5. by   shirley88
    Quote from pagandeva2000
    We read so many posts from frustrated LPNs feeling that we are not valued, not really nurses, etc...

    What I would like to know from viewers is what do you LIKE about being an LPN/LVN?

    I like the hands on knowledge, am excited about learning new basic skills, and have a passion for patient teaching. Most patients love speaking to me because I break it down to them in simple terms that most of them understand. I still continue to read material, not for passing an exam, but because there is not as much pressure involved as it was in class, but reading it for comprehension, gaining new perspectives on things that previously confused me and seeing something in there that I didn't notice before (because I was stressed). I love listening to the doctors speak and knowing that I comprehend what is happening (that really excites me). And, I do like being a part of the team. I find that even the RNs come to me for clarity on certain things because I am always reading. They know that they'll get up to date information from me.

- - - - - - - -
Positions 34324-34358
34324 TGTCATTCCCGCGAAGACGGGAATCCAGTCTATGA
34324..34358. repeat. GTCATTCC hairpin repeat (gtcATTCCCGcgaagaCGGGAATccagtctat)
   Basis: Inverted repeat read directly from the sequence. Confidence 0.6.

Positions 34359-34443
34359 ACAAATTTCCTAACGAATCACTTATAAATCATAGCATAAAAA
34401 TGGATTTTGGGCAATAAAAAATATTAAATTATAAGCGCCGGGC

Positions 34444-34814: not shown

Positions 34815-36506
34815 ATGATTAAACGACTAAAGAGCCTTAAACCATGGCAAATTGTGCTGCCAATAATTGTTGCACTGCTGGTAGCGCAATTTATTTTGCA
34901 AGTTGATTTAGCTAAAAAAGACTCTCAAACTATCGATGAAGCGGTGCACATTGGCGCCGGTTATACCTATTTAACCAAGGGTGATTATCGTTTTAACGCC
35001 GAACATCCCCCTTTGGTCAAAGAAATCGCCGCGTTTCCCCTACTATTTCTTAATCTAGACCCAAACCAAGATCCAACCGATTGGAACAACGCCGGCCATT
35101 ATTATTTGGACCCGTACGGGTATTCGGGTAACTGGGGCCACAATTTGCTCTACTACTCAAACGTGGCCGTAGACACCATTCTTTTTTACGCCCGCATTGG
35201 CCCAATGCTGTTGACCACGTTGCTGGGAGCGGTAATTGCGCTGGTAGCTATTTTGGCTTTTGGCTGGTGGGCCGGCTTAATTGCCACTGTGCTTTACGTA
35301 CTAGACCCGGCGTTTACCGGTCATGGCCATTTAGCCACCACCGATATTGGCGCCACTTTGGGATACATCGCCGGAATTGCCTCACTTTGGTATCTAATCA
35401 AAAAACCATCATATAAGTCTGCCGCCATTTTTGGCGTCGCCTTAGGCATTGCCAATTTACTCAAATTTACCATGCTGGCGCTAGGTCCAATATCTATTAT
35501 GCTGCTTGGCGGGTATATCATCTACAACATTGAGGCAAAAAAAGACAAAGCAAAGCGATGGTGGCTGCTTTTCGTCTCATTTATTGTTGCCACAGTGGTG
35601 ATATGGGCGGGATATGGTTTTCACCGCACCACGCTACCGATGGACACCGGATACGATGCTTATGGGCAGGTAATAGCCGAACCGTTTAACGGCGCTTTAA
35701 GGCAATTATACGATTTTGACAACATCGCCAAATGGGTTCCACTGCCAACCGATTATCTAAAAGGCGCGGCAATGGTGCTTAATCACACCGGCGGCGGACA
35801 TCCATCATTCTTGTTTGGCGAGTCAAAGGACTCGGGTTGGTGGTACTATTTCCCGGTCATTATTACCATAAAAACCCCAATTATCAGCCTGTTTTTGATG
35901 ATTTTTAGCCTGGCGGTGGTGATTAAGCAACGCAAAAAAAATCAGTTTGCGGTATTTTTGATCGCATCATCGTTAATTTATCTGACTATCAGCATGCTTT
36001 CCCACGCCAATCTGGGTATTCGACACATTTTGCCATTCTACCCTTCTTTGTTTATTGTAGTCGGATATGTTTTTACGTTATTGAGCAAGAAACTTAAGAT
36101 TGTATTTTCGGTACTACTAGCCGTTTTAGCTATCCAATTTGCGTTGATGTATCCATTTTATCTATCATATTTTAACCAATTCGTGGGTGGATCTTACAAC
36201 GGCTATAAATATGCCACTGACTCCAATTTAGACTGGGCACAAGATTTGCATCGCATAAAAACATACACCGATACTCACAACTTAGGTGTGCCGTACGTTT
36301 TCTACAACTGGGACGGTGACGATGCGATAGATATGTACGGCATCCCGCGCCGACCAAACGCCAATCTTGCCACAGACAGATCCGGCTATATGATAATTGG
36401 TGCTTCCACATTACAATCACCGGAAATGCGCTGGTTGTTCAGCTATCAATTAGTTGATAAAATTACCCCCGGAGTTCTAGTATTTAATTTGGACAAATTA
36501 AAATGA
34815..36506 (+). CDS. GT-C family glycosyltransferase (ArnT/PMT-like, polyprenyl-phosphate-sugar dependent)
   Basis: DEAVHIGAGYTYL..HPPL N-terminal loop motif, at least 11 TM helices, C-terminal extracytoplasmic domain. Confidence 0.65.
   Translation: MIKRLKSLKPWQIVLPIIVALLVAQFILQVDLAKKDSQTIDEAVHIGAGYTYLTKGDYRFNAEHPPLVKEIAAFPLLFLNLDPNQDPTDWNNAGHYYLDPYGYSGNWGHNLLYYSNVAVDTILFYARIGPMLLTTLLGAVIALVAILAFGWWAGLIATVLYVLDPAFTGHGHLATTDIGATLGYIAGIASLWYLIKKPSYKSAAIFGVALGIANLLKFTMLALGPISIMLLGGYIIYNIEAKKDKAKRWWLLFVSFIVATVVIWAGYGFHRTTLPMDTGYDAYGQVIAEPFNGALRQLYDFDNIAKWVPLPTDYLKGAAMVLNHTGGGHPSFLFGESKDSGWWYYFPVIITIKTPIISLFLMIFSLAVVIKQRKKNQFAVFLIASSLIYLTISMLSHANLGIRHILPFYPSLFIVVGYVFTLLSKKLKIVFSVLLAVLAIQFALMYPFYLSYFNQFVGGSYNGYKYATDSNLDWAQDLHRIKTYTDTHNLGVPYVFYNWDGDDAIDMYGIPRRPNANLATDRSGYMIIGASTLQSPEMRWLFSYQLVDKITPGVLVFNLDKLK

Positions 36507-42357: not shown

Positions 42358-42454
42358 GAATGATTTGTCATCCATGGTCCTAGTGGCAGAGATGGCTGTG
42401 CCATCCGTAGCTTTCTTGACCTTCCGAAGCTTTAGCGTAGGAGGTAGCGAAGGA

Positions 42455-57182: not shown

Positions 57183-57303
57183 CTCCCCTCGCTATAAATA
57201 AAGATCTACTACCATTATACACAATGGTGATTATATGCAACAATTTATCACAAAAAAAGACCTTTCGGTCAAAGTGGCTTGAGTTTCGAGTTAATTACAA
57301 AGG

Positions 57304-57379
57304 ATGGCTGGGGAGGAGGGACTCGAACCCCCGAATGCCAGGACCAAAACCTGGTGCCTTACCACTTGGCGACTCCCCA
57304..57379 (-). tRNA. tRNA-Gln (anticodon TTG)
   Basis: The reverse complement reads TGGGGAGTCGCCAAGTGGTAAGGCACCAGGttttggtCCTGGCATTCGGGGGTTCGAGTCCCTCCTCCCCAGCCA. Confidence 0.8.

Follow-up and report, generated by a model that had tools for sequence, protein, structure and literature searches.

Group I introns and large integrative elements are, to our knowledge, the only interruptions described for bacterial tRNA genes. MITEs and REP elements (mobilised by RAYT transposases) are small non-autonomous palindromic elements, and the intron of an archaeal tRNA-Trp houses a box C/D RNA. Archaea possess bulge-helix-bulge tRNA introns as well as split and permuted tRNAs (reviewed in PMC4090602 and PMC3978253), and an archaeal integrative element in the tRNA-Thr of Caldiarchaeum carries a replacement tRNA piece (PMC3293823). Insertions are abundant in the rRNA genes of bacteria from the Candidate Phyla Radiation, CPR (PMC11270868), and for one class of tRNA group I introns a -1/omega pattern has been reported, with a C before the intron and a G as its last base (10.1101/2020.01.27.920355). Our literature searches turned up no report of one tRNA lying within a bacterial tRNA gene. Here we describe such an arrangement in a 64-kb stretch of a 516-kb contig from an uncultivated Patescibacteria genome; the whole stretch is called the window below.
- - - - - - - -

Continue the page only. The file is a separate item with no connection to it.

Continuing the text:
Of course, I am dragged down because of the high volume I see, and short staff. I get frustrated with patients that will take no responsibility of their own health; expecting us to make it happen for them. At times, I want to leave nursing, not because I don't like it, but because I am tired and do not see things getting better for the patients or the staff. That is another issue. I do get annoyed with people who feel that we are not really nurses, or that management brushes them off. But, I do love being a licensed practical NURSE (the word nurse is capitalized because yes, we ARE nurses as well).

    Interesting post/thread
  6. by   sharona97
    I love the confidence that the LPN education gave me. Quickly to follow was the compassion, and like Pagan described, breaking down info so patients can have the opportunity to understand.

    I love keeping my knowledge up by reading and applying as well. I utilize the docs, fellow nurses, lab techs and such to see how the big picture all fits together.

    I found I love science and am so amazed at the anatomy and physiology of the human being. And when I give it my all the best I can, I feel I have been blessed to participate in the care of people. And fortunate to get it! And have those ah ha moments.